Tuesday, April 19, 2011

Beautiful Spring Light and Broccoli

We have been busily preparing soil and transplanting baby vegetables. It is best to transplant young plants after the heat of the day. This gives them the evening and night to get over some of their shock, allowing them to cope with the next day's heat better. Sometimes it is tiring to be out in the field that late, but we are often rewarded with wonderful sunsets or clouds that we would otherwise have missed. Enjoy!

Marie cultivates a bed.

Baby kale in sunset light.

Cover crop in stormy sunset.

The sun set underneath the clouds shining on the bottom land and the South mountains.

Will Coffey and Marie plant kale with our new back saving tool-the hatfield transplanter.

Baby broccoli getting a drink (see the sparkling water droplet coming out of the irrigation tubing?)

Wednesday, April 6, 2011

Planting Season on Bluebird Farm

Wow, March just flew by. The arrival of spring brings a whole new level of activity to the farm: soil preparation, seeding in the greenhouse, animals out on pasture, and transplanting. Everyday as we work in the field we can practically watch the grass get greener and the blossoms on the trees open up. One morning I noticed that the flowers on our magnolia were looking full and ready to burst. By that afternoon the trees were practically in full bloom. It is amazing to see and smell the plants waking up.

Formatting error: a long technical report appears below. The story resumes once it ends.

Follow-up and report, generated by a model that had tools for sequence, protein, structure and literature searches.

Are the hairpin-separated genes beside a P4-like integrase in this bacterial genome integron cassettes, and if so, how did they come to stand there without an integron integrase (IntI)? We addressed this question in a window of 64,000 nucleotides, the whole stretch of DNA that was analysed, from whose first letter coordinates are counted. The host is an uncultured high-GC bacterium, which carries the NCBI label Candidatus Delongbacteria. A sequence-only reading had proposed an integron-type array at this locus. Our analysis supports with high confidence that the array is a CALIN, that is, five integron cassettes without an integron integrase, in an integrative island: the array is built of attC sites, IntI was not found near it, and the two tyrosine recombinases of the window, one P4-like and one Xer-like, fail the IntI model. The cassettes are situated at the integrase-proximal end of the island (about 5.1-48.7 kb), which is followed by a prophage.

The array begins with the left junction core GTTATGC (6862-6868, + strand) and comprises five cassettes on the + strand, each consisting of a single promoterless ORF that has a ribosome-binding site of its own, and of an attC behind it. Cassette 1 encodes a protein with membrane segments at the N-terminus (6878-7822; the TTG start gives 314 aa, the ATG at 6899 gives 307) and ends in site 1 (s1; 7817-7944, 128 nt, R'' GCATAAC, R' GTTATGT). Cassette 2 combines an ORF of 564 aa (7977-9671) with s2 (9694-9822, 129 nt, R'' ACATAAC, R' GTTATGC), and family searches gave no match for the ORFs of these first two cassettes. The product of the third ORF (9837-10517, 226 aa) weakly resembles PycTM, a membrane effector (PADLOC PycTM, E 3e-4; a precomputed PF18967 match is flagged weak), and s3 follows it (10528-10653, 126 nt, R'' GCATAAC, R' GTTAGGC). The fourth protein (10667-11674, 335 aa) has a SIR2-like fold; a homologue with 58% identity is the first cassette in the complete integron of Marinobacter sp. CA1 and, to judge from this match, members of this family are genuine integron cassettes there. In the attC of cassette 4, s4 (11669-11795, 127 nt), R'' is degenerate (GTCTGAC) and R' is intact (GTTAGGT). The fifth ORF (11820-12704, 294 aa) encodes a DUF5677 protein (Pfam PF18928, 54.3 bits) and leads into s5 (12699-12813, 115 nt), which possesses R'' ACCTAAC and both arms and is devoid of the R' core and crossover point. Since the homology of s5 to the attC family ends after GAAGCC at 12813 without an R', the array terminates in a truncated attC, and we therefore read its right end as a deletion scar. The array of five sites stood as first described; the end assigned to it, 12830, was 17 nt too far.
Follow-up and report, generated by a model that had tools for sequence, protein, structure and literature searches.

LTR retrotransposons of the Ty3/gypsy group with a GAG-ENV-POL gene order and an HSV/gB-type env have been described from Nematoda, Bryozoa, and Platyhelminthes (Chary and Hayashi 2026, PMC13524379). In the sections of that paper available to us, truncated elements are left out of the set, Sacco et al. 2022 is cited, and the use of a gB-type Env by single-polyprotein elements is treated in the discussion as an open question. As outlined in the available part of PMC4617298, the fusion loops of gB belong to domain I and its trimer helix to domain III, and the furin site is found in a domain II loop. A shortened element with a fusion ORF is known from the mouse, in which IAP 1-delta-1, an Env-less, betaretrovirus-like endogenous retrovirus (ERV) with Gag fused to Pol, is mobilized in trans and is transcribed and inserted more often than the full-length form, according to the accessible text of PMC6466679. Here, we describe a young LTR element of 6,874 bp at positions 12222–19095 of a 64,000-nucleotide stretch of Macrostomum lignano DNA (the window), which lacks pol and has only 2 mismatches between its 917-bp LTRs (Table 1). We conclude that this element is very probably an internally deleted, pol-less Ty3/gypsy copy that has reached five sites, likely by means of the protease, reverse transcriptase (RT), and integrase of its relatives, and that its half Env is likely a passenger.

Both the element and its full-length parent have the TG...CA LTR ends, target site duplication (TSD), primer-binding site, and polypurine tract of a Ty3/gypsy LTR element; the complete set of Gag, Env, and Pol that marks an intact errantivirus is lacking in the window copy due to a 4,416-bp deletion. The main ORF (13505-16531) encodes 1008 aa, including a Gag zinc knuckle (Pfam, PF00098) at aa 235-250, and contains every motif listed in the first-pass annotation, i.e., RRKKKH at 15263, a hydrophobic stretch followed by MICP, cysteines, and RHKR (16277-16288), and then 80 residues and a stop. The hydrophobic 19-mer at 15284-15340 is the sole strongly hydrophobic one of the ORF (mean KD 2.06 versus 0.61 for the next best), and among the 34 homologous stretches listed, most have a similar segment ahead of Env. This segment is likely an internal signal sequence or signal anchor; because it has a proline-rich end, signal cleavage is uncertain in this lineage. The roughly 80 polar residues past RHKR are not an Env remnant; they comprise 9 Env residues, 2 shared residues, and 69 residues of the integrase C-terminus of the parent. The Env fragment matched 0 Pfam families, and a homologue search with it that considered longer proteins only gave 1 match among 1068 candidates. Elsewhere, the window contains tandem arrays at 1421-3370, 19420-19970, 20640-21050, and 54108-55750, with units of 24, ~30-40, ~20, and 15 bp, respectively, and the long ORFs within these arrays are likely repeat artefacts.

Misty the horse, Sweet Pea the sheep and Clyde the (very fast growing) Sheep-Horse-Dog

Some of our early vegetable starts just a few weeks ago. Some of these are already in the ground!

Beautiful Crabapple blossoms on the way to our garden.

Happy meat chickens on grass!

Row cover protecting young lettuce transplants from the vagrancies of spring weather.

William and a volunteer-Jenny. She has been a great help getting plants in the ground on time! This was just last week in full coats and hats on a wet chilly day.